I am not technically qualified but just reviewed my Yanmar 4JH-2E service manual. I conclude that the stop function is part of the governor and therefore operates by moving the governor to a position that shuts off the fuel supply. My engine has an optional solenoid instead of the more common mechanical cable that performs the same function of moving the stop lever.

Maybe someone more qualified will jump in here and save us from my technical overreach.
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Old 18-01-2020, 15:00   #24
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Re: How does a diesel shut down

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I am not technically qualified but just reviewed my Yanmar 4JH-2E service manual. I conclude that the stop function is part of the governor and therefore operates by moving the governor to a position that shuts off the fuel supply. My engine has an optional solenoid instead of the more common mechanical cable that performs the same function of moving the stop lever.

Maybe someone more qualified will jump in here and save us from my technical overreach.


The engine kill just turns t fuel rack to a zero fuel position.

What this means is that the injector pump plungers are rotated to a point that allows all of the fuel to bypass the compressing stroke of the plunger.

Coincidentally this is t he same mechanism that regulates the amount of fuel delivered by the plungers. There is a bypass channel cut down the side of the plunger that passes by a bypass port machined into the side of the bore. The rotation of t he plunger lines this bore up with the cut on the plunger earlier or later in the plungers stroke.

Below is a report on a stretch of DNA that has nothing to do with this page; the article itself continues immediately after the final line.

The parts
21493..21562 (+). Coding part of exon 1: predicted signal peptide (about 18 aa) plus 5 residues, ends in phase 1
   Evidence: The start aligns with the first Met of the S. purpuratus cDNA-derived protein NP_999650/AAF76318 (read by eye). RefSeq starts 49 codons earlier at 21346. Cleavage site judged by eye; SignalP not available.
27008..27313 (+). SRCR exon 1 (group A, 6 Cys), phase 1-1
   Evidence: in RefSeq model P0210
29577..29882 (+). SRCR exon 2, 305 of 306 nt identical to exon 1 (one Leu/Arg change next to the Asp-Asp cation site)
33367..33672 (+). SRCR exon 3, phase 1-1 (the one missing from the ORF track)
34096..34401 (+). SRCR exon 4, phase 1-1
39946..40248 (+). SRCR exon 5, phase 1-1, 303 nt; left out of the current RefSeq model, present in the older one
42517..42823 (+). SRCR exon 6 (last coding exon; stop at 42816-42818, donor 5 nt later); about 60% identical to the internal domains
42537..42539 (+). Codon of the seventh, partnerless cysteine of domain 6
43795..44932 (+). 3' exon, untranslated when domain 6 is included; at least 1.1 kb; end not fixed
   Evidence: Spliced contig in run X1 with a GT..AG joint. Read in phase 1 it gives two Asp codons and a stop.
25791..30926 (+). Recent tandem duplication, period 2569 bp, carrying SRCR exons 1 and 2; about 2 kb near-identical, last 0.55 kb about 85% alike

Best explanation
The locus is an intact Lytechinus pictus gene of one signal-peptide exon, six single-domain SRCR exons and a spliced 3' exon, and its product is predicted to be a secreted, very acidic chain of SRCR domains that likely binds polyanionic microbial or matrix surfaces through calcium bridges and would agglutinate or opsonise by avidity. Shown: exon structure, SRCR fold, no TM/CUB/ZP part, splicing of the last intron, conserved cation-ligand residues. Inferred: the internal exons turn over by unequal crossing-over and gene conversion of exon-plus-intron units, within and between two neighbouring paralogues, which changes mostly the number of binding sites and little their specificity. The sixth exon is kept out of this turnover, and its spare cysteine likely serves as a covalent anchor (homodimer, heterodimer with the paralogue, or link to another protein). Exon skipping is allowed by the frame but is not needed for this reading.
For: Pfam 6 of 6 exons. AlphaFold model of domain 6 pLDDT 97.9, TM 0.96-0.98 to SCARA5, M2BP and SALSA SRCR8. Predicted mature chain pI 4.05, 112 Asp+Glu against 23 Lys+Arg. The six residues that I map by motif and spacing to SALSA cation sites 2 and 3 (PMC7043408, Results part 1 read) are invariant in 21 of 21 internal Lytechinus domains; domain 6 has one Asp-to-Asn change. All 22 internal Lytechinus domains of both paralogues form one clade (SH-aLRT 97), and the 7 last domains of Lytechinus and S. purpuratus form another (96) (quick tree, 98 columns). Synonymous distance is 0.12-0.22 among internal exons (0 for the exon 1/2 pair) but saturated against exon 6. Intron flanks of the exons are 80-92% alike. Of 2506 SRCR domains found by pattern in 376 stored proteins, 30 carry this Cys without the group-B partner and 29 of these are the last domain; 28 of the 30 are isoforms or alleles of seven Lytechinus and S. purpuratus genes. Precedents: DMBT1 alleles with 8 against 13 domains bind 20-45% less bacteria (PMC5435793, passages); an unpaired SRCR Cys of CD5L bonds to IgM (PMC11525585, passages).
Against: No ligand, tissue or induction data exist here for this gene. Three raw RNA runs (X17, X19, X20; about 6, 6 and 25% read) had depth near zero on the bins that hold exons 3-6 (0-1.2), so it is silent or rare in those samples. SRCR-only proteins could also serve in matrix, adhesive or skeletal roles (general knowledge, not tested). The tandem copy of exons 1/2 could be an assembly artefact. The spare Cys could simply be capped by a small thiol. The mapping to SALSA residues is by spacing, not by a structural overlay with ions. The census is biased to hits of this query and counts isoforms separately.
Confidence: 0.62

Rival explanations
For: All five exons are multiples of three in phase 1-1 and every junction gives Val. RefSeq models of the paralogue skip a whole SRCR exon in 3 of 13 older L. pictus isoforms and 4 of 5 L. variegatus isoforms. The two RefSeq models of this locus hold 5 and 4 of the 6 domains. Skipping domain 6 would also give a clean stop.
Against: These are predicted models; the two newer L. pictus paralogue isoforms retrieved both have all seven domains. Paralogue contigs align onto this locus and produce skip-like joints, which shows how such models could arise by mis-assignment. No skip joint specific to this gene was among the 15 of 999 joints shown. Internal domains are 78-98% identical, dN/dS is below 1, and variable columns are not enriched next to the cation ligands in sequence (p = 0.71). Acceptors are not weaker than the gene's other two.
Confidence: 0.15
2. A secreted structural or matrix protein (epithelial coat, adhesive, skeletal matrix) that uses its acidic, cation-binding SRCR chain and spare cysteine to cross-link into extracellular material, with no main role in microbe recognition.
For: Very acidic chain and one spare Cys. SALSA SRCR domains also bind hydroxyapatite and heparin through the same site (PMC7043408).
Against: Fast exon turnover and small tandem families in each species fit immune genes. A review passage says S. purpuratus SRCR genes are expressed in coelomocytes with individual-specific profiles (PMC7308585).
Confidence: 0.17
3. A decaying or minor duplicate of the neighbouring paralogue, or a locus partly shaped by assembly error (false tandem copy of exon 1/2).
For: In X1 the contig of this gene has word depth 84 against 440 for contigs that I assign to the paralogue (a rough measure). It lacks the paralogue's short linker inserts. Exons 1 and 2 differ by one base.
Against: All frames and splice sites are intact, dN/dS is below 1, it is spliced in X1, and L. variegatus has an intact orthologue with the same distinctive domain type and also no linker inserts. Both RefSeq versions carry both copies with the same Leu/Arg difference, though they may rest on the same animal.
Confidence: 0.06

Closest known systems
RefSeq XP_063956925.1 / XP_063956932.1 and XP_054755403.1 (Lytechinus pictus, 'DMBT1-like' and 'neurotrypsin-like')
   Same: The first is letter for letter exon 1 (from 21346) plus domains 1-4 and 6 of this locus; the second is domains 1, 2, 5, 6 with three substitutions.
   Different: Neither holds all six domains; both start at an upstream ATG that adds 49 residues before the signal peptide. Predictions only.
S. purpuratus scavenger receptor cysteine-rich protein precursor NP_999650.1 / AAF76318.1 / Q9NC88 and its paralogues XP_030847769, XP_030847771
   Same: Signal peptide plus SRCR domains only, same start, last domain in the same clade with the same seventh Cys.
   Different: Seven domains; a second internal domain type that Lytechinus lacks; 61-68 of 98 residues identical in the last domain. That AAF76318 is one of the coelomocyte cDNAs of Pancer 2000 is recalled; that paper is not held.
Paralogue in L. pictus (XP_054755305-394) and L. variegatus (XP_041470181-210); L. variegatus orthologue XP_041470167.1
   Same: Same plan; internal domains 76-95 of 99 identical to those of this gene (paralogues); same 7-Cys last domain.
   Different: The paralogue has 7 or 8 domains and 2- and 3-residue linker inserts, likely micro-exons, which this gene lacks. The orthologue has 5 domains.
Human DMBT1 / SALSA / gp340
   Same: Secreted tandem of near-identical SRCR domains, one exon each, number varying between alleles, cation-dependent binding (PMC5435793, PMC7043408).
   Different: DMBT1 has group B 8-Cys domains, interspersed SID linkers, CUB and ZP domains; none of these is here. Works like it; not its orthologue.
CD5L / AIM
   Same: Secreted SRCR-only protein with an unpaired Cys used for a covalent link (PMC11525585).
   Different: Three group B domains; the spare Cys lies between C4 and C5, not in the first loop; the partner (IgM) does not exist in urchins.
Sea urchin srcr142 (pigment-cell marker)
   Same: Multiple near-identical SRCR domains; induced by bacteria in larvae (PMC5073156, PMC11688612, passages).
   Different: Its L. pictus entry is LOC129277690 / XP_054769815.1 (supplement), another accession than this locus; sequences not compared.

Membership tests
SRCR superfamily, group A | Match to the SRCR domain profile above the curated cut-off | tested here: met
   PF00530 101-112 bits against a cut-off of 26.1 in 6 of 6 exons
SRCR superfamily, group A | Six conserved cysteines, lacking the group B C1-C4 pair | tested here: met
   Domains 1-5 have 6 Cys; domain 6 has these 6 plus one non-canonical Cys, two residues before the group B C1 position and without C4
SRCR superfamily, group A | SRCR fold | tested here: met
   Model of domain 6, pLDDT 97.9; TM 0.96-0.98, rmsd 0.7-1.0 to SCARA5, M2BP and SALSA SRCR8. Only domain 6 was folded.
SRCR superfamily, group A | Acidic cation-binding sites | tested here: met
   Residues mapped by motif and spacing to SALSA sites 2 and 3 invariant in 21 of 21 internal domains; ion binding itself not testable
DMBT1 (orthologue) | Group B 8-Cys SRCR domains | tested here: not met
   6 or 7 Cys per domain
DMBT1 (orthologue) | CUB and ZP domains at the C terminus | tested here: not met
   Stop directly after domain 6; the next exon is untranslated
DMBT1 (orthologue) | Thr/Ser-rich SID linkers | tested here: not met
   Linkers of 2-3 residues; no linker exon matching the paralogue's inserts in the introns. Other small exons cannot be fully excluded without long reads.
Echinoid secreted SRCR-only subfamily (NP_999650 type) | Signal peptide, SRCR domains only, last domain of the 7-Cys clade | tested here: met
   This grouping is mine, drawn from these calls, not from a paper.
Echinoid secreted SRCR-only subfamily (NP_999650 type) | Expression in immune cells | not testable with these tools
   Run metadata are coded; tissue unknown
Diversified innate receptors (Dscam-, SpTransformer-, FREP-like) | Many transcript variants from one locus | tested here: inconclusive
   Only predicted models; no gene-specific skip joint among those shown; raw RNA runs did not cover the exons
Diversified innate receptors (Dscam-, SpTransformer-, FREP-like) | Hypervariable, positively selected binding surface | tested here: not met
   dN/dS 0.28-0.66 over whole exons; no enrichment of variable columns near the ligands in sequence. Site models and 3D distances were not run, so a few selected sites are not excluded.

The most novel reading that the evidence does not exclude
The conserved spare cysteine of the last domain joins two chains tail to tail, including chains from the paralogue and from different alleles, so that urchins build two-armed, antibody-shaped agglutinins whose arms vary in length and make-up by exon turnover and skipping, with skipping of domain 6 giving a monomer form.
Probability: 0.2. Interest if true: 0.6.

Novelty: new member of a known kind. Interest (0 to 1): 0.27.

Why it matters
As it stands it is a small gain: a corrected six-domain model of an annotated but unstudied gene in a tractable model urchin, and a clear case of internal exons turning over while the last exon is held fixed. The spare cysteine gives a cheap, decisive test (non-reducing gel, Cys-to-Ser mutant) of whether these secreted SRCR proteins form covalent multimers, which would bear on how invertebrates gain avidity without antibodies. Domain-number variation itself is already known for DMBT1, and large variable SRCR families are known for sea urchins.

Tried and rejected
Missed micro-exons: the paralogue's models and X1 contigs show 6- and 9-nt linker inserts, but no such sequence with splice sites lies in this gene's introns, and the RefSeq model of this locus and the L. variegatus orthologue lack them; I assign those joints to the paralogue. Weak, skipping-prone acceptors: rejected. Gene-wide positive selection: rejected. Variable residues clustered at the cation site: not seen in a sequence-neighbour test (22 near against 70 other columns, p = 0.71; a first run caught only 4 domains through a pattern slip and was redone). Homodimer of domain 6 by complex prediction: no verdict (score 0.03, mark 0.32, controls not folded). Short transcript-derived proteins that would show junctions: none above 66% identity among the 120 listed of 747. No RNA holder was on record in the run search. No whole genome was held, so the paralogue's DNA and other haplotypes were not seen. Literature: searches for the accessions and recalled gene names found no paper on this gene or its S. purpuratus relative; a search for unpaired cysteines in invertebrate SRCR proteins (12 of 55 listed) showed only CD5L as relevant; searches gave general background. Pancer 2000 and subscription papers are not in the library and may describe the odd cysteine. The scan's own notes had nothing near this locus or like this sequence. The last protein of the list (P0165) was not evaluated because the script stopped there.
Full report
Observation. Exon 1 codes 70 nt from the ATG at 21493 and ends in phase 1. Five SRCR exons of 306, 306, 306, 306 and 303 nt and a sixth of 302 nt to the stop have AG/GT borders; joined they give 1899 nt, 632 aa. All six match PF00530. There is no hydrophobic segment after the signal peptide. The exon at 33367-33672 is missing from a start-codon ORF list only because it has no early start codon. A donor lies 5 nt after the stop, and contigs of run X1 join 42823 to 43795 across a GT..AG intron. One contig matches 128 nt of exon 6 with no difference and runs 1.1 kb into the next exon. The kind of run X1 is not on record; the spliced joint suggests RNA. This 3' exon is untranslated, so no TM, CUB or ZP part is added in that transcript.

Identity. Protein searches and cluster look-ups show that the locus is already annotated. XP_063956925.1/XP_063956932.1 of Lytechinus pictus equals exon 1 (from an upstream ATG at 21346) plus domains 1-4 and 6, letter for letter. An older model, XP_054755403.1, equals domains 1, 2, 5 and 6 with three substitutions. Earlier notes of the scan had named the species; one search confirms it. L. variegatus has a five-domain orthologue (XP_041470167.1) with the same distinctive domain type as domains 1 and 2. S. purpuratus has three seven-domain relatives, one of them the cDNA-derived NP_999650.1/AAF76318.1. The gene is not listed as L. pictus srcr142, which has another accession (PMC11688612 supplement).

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Old 18-01-2020, 15:21   #25
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Re: How does a diesel shut down

Thank you, Sailmonkey! And I guess that is why there is a return line: to return the bypassed fuel to the tank?

I'm impressed that you know this and hope I never really need to.
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Old 18-01-2020, 15:26   #26
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Re: How does a diesel shut down

^^^
He got it, The shut down solenoid pulls the regulating lever on all fuel pumps, yes slot down the side of the fuel plunger the spill port does not get covered thus fuel pressure does not build up.
Had issue recently when the Shut down solenoid and the hand pull didn't work. I shut it down by first closing a fuel supply valve, when the engine started to labor I blocked the air intake with my hand, still didn't stop, but uncovering and covering did.
Found that the split pin that joins the 2 rods inside the engine had failed.



Have come across engines that had emergency shut down by flap other engines have independent fuel rack s/d devices.
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Old 18-01-2020, 16:05   #27
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Re: How does a diesel shut down

To add to the complexity of trying to describe the ways fuel cut off is achieved, it must be remembered that different injection pumps achieve the same outcome (i.e. zero fuel to the injector) in different ways.